Media reactions to celebrity dermatologist Dr. Fredric Brandt’s tragic suicide may have created an unintentional opportunity to bring the issue of adult bullying into the spotlight.
Several sources hinted at the possibility that Brandt may have been devastated by the close similarities between himself and a plastic surgeon character on Tina Fey’s Netflix show “Unbreakable Kimmy Schmidt.”
Celebrities often provide the inspiration for many parodies, which could be considered borderline bullying — but that's another story.
Although it is not likely that Brandt actually committed suicide as a result, such parodies may not help the self-esteem of celebrities who may be suffering from mental health issues such as depression.
The question arises, is adult bullying actually an issue for us common folk, not just something celebrities have to deal with?
It certainly is a common issue. In fact, PBS addresses adult bullying in its series “This Emotional Life.” It focuses on the workplace as being a common place where bullying may occur.
“Different from constructive criticism or conflict, bullying is persistent, it focuses on a person rather than a task, and the recipient feels powerless to stop it,” according to the PBS website.
Charmaine Hammond, a professional speaker and author, said in an email that she works as a consultant and workplace facilitator. She often provides training and intervention regarding workplace bullying, conflict and harassment.
“I define bullying as repeated and intentional acts of verbal, physical, social or psychological behaviour that is harmful to another person,” she said.
Bullying can focus on many different targets such as a person’s gender, disability and ethnicity. It also can involve threats, intimidation, humiliation and other forms of harassment, Hammond said.
Elayne Savage, a psychotherapist and workplace consultant, said in an email that if you’re not sure if a statement or action would be considered bullying, ask yourself this question: “Would most people consider this action unacceptable?”
Although Hammond thinks that there are some differences between childhood and adult bullying, they are still quite similar.
“It is important to help people recognize that differences in opinion (conflict) is not the same as bullying,” Hammond said. “Often children, and adults, repeatedly joke inappropriately with an underlying message to humiliate or degrade a person, and pass it off as ‘just joking!’”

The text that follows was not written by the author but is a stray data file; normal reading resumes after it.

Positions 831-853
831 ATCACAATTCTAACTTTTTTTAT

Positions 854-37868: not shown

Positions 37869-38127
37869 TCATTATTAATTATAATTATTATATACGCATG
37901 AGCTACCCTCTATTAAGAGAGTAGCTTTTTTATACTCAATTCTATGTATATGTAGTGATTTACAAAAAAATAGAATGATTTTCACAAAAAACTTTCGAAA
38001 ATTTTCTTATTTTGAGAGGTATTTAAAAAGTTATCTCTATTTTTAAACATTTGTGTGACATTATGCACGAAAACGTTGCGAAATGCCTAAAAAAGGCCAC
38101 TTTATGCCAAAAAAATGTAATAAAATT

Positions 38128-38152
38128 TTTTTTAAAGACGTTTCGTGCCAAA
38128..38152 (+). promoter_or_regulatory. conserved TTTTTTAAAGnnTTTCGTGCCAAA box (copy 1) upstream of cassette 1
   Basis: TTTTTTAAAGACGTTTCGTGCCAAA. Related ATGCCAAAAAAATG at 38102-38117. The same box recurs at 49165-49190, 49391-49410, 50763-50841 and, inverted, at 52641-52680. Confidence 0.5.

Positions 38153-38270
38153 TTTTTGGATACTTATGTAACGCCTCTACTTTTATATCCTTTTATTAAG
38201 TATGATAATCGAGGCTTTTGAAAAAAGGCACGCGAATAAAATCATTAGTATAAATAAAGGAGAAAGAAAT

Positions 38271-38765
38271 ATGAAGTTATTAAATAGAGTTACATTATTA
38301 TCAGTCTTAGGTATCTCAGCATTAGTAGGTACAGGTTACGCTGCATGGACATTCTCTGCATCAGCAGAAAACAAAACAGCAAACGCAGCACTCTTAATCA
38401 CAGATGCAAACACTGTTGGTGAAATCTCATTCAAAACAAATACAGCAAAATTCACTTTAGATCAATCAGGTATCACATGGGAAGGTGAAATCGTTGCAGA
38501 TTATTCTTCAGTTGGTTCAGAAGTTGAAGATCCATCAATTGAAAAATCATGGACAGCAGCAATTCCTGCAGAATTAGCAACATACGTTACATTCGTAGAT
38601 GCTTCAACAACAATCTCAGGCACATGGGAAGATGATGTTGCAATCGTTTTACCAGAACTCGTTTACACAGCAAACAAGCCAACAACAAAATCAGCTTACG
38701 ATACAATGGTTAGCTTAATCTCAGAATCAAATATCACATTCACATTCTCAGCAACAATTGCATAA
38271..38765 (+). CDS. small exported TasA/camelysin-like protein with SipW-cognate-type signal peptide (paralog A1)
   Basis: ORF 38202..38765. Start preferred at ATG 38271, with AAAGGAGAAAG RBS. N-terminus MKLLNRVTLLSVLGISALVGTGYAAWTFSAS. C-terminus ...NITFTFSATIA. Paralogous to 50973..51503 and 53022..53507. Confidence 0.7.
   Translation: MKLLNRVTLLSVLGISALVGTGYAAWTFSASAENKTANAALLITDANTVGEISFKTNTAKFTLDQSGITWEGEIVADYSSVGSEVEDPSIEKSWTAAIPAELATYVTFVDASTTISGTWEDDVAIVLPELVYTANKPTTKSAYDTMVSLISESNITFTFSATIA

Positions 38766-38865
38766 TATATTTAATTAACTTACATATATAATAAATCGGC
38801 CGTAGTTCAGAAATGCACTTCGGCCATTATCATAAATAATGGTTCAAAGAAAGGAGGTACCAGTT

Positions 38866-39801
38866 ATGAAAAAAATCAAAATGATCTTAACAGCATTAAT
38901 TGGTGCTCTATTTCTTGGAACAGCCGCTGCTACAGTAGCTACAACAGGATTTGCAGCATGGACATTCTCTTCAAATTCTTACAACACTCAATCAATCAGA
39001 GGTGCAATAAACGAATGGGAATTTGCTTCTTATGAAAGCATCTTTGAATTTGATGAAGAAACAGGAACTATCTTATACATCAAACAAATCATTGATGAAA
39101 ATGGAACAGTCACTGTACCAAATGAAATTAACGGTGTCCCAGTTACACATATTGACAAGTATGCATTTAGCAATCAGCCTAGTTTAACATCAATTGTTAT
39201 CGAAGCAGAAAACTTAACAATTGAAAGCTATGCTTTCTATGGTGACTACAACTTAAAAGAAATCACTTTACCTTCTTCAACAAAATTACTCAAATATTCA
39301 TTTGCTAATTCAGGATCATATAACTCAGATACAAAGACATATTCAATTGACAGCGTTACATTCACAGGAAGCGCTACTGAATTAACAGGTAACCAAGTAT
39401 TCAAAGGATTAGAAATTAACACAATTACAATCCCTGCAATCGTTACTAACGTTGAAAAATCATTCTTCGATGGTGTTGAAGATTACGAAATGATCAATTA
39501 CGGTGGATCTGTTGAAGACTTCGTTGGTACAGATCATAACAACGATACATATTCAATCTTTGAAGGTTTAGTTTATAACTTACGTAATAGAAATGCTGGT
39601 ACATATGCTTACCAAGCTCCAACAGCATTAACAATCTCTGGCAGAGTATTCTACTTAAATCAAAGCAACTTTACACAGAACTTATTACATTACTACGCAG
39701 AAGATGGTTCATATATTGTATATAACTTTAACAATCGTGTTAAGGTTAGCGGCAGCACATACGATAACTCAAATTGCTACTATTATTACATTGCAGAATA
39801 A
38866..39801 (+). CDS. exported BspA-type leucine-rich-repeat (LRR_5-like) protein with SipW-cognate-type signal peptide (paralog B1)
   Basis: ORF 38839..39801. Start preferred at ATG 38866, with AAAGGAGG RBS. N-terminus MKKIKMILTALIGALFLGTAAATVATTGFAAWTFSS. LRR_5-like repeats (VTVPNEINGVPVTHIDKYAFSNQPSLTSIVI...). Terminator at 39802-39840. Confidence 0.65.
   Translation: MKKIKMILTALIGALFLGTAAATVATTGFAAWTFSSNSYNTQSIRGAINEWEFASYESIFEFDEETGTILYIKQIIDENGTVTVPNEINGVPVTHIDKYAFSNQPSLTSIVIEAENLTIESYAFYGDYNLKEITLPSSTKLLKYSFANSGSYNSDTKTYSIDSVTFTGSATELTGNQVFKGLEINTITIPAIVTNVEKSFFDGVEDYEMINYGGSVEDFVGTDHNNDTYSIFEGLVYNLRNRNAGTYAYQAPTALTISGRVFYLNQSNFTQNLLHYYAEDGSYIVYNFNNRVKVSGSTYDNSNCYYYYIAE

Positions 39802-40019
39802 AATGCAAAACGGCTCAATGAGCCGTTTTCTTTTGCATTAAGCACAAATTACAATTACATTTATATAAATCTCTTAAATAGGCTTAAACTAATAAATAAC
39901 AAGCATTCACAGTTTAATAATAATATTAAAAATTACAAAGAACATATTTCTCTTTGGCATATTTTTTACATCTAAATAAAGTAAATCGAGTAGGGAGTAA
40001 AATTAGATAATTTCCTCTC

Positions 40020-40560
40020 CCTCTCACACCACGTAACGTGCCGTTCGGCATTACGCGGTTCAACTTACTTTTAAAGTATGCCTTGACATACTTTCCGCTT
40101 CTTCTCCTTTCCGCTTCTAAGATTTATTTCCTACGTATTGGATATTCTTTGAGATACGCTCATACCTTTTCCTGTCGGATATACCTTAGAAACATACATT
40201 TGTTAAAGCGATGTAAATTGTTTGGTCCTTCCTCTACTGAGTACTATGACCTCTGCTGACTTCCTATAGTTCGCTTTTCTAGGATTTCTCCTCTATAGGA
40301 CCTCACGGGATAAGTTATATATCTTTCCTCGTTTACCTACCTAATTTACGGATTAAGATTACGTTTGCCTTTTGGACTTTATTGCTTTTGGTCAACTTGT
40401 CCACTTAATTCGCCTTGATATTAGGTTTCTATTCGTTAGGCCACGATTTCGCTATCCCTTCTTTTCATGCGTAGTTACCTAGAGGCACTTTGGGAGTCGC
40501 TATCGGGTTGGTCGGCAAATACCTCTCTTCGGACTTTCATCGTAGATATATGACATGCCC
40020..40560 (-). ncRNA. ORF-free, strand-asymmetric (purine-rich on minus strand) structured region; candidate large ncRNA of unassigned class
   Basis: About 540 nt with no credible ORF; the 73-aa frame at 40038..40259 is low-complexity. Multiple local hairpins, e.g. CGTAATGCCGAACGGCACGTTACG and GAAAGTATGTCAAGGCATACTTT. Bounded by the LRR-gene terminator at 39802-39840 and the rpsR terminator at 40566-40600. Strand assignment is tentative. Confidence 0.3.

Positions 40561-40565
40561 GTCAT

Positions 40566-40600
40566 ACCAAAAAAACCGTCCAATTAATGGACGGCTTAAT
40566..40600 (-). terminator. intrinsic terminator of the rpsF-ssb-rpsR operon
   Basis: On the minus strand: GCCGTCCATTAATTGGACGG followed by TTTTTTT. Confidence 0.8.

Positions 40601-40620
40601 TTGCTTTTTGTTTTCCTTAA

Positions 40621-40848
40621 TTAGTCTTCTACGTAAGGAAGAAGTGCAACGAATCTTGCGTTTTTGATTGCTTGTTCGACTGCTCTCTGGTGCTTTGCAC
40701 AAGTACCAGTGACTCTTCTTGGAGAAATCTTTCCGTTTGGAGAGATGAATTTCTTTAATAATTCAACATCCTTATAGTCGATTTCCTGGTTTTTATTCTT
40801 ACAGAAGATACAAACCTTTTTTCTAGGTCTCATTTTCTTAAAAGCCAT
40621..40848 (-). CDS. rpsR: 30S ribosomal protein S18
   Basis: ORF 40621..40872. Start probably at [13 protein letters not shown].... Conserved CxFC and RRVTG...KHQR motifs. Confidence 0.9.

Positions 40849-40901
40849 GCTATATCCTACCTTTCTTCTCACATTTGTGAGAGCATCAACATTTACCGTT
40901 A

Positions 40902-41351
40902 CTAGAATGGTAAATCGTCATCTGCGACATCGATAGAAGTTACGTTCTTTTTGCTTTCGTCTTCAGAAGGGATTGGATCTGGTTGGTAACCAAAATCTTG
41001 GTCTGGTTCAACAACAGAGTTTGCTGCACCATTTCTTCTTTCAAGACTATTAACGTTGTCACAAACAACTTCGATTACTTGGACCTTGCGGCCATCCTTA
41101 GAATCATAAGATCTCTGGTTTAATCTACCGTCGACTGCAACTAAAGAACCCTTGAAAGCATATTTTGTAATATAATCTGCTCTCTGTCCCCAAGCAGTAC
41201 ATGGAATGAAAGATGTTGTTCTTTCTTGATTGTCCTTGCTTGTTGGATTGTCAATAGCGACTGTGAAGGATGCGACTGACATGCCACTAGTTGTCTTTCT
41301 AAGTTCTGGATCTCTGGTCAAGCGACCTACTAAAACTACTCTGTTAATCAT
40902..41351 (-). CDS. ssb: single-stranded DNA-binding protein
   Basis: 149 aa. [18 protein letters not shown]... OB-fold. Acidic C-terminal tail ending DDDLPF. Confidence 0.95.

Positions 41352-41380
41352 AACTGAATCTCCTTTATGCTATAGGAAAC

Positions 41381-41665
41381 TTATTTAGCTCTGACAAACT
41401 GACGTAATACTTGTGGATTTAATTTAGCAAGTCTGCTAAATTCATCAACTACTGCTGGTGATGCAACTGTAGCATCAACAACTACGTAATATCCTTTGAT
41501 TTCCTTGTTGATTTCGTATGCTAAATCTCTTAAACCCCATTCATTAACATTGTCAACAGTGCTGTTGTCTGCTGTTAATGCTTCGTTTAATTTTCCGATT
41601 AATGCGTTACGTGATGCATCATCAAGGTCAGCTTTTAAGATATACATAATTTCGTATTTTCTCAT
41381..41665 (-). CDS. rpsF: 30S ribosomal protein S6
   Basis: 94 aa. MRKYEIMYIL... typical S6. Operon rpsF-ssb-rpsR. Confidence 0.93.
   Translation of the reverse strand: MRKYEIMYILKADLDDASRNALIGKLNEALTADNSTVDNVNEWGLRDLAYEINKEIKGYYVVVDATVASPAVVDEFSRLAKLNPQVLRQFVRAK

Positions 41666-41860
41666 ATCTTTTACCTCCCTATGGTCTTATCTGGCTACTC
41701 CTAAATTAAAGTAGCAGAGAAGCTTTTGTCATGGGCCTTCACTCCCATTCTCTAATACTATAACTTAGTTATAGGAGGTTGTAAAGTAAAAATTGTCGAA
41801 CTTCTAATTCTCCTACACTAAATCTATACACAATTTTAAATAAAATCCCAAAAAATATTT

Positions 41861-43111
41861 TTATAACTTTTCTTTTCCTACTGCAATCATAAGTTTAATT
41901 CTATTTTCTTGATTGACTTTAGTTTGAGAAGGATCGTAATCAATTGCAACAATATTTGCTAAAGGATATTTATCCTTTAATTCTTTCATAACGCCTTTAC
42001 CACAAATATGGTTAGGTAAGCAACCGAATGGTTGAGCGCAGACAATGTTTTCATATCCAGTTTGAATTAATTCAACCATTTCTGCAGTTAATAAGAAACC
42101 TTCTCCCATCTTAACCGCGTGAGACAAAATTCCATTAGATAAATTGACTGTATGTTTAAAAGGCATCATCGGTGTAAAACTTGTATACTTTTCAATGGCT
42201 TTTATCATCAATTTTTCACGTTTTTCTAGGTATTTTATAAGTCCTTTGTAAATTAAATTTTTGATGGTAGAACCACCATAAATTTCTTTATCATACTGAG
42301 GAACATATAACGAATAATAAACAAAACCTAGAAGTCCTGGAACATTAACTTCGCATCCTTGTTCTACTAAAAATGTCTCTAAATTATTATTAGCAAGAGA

Women also tend to be less physically aggressive when involved in acts of bullying in professional settings like the workplace, she added.
Savage said that women may use other tactics more than men, such as gossip, taunting, shunning, ignoring and excluding.
They may also spread rumors, tell secrets, and use more dramatic motions such as eye-rolling, pointing, giggling and whispering. Cyberbullying is also very popular.
As a former mediator and conflict resolution expert, Hammond knows firsthand that bullying does not just happen to children.
“I believe that there is increasing awareness about bullying and harassment, and I see more businesses and organizations investing in training and appropriate interventions to create safe, respectful workplaces, which is a very positive shift,” Hammond said.
Some common methods of adult bullying according to Hammond include:
1) Spreading malicious and harmful rumors, gossip and innuendos that aren’t true.
2) Using intimidation, physical threats, yelling or profanity.
3) Making hurtful and offensive jokes.
4) Sabotaging someone by set impossible deadlines that will guarantee failure.
5) Undermining or deliberately impeding another person’s work.
6) Withholding important information, or deliberately providing the wrong information.
7) Using technology to do any of the above, including via email, texting and social media.
So adults can just brush all of this off, right?
In some cases maybe. At the very least, bullying can cause stress, Hammond said.
Bullying can actually be quite harmful in many cases, especially because it often goes unreported.
Savage added that bullying may lead to anger, frustration, anxiety, depression, and tension. Someone being bullied can experience feelings of helplessness and vulnerability, and a loss of confidence. They can have headaches and stomach pain, as well as issues with their sleep, concentration and appetite.
Bullying may also lead to reduced productivity and low morale, Savage added.
So how can adult bullying be brought to an end?
In the workplace, a good place to start is making sure there are clear policies regarding bullying, harassment and unacceptable behaviors, Hammond said.
Training should be provided to all employees, and they should know how to report a case of bullying and how to respond, she added. It would also be helpful to provide training in conflict resolution, and giving and receiving proper feedback.
In some cases, you may be able to confront a bully in the workplace and explain how their behavior is hurtful and negatively affecting others, and they may actually stop if they didn’t realize this before.
Sadly this is often not the case. This is why the issue of bullying needs to be brought to light and dealt with more effectively.
Trebay, Guy. The New York Times. Dr. Fredric Brandt, 65, Celebrity ‘Baron of Botox,’ is Dead. Web. April 8, 2015.
PBS. Adult Bullying. Workplace bullying. Web. April 10, 2015.
Hammond, Charmaine. Email interview. April 8, 2015.
Savage, Elayne. Email interview. April 9, 2015.
Reviewed April 10, 2015
by Michele Blacksberg RN
Edited by Jody Smith